Welcome to Becomning Closer! 

Matthew

What Do I Still Lack?

Matthew 19:16-30

Lesson audio

No subject is approached more delicately by the average preacher than money. It is understandable; offerings and his salary seem directly connected. However, the Bible teacher is usually a volunteer, and we can say things a bit more bluntly. The story of the rich young ruler certainly gives us the opportunity.

What Good Thing?

Mat 19:16-22 NASB And someone came to Him and said, "Teacher, what good thing shall I do that I may obtain eternal life?" (17) And He said to him, "Why are you asking Me about what is good? There is only One who is good; but if you wish to enter into life, keep the commandments." (18) Then he *said to Him, "Which ones?" And Jesus said, "YOU SHALL NOT COMMIT MURDER; YOU SHALL NOT COMMIT ADULTERY; YOU SHALL NOT STEAL; YOU SHALL NOT BEAR FALSE WITNESS; (19) HONOR YOUR FATHER AND MOTHER; and YOU SHALL LOVE YOUR NEIGHBOR AS YOURSELF." (20) The young man *said to Him, "All these things I have kept; what am I still lacking?" (21) Jesus said to him, "If you wish to be complete, go and sell your possessions and give to the poor, and you will have treasure in heaven; and come, follow Me." (22) But when the young man heard this statement, he went away grieving; for he was one who owned much property.

Meeting Christ

Meeting the Christ is usually a shattering experience. If ever there was a man who would have qualified for the “good guy” award, this is the man. From Christ’s reaction we can see two of his characteristics:

  • He is sincere. Christ takes him by his words, and treats him as an honest inquirer.
  • He is obedient. He is a man of “ordinary holiness,” the backbone of the church, the good guy.

He is also a man who knows he is lacking something. So he goes out looking for it.

Christ, at first, reaffirms to him to message of the Old Testament: “Do this, and live.” Christ points him to the commandments. (It is interesting that Christ omits the one about envy – which would say that this man has no desire for it). Salvation is by works – until the Messiah comes.

But it is exactly that point that the Christ challenges him on: you have relied on your good works, but you know in your heart of hearts it is not enough. The rules, it seems, are necessary – but not sufficient.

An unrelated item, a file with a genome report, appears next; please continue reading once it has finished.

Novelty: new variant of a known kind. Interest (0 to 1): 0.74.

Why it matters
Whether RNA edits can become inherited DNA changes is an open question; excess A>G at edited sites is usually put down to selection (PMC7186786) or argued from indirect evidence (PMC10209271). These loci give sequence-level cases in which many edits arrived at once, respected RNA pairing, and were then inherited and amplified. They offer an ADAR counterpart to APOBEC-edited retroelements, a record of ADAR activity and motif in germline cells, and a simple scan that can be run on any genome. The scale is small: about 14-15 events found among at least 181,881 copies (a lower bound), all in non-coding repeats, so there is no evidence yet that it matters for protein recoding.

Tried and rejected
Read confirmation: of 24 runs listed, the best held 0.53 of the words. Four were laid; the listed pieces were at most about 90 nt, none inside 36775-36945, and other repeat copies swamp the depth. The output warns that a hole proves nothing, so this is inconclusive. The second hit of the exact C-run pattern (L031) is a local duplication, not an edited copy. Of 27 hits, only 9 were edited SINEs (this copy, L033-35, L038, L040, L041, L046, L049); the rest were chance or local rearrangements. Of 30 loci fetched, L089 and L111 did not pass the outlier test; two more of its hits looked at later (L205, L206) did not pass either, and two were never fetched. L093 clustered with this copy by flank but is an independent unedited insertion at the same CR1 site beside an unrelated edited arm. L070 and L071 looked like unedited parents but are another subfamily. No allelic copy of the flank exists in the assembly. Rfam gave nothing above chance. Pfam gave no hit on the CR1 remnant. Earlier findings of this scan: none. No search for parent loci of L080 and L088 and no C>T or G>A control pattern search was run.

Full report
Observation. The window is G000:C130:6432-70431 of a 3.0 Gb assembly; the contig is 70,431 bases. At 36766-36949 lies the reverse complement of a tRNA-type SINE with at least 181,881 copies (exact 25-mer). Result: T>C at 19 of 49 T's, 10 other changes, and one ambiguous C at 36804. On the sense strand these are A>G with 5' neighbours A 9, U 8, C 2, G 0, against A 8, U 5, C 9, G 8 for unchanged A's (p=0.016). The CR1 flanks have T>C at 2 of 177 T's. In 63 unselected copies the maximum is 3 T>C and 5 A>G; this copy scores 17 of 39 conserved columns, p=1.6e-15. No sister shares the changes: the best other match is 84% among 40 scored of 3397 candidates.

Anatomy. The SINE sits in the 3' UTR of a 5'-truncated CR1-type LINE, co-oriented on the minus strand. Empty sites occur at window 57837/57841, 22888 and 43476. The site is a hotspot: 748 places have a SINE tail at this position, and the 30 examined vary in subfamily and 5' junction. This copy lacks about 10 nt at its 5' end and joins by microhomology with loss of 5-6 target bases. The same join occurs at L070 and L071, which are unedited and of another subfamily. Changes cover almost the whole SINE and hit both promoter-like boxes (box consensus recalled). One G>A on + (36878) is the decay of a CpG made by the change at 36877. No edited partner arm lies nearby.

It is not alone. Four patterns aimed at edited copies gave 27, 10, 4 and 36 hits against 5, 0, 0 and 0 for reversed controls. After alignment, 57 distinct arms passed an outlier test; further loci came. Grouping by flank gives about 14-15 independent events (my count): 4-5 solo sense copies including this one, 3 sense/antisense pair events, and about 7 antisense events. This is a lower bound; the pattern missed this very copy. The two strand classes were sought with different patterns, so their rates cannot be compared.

Christ fulfills the Law

Such a challenge cannot come from someone who is simply a prophet or a rabbi – for a prophet or a rabbi must point you to God, not himself. Christ, it seems, teaches by degrees. He first points out the Law, and then hits him with the one question that goes right to his soul: are you willing to give it all up, and follow?

Isn’t it curious: if we preach to a prostitute, we expect her to give up prostitution if she wants to follow Christ. To the white collar criminal we say, “Sin no more.” But to those who are owned by their money, we are curiously silent. Why is this?

  • First, it’s hard to condemn someone who’s chasing the same almighty dollar you are.
  • But more importantly, we need to distinguish sin from sinner. We must, as Chrysostom put it, not condemn the riches but the enslavement thereof.
Follow me

One point often missed here is that Christ does not merely command the man to forsake his riches. It’s easy enough to argue (I just did) that he needs to be rescued from the enslavement of riches. It is hard then to state, “Follow.” But if we do not, we risk substituting the nothing of niceness for the money we know so well. It is not sufficient to take away; we must have something which overflows the hole in the psyche.

The response, it seems, is one which consumes the entire human being. A parallel may be seen in the use of the phrase, “born again.” We treat it as a synonym for salvation; Christ Himself uses it but on one occasion, the visit from Nicodemus – who is another man of ordinary holiness. The sinner is called to repentance; the righteous are called to the new birth.

How can these two ways be reconciled? Only in Jesus Himself. He tells us that He is the way, the truth and the life. These two ways are the path to Him – and it’s the destination who counts.

All Things Are Possible

Mat 19:23-26 NASB And Jesus said to His disciples, "Truly I say to you, it is hard for a rich man to enter the kingdom of heaven. (24) "Again I say to you, it is easier for a camel to go through the eye of a needle, than for a rich man to enter the kingdom of God." (25) When the disciples heard this, they were very astonished and said, "Then who can be saved?" (26) And looking at them Jesus said to them, "With people this is impossible, but with God all things are possible."

Despite Tevye’s plaintive cry (“would it spoil some vast celestial plan, if I were a wealthy man?) there is peril in wealth.

  • Now that you’ve obtained it, you get to worry about it. I inherited a few gold coins from my mother. Before then I had no need for armored storage. Fortunately, I also inherited an armored file cabinet. Otherwise, I could be up nights worried about the burglars taking what I never earned.
  • On the other side, wealth gives you a false sense of security. I’m rich, everything is going to go well. Some people solve their problems with a check book. Which means that some of their problems go forever unsolved.
  • Some find that money is the chain that binds them to “the crowd.” Their desire is to be in, accepted, one of the beautiful people. Without money, it’s just a dream; with money, it’s a chain around their neck. Even a gold chain is still a chain.
  • Ultimately, it is still true: you cannot serve two masters. That is the problem here; the man didn’t wish to change masters.
The disciples’ question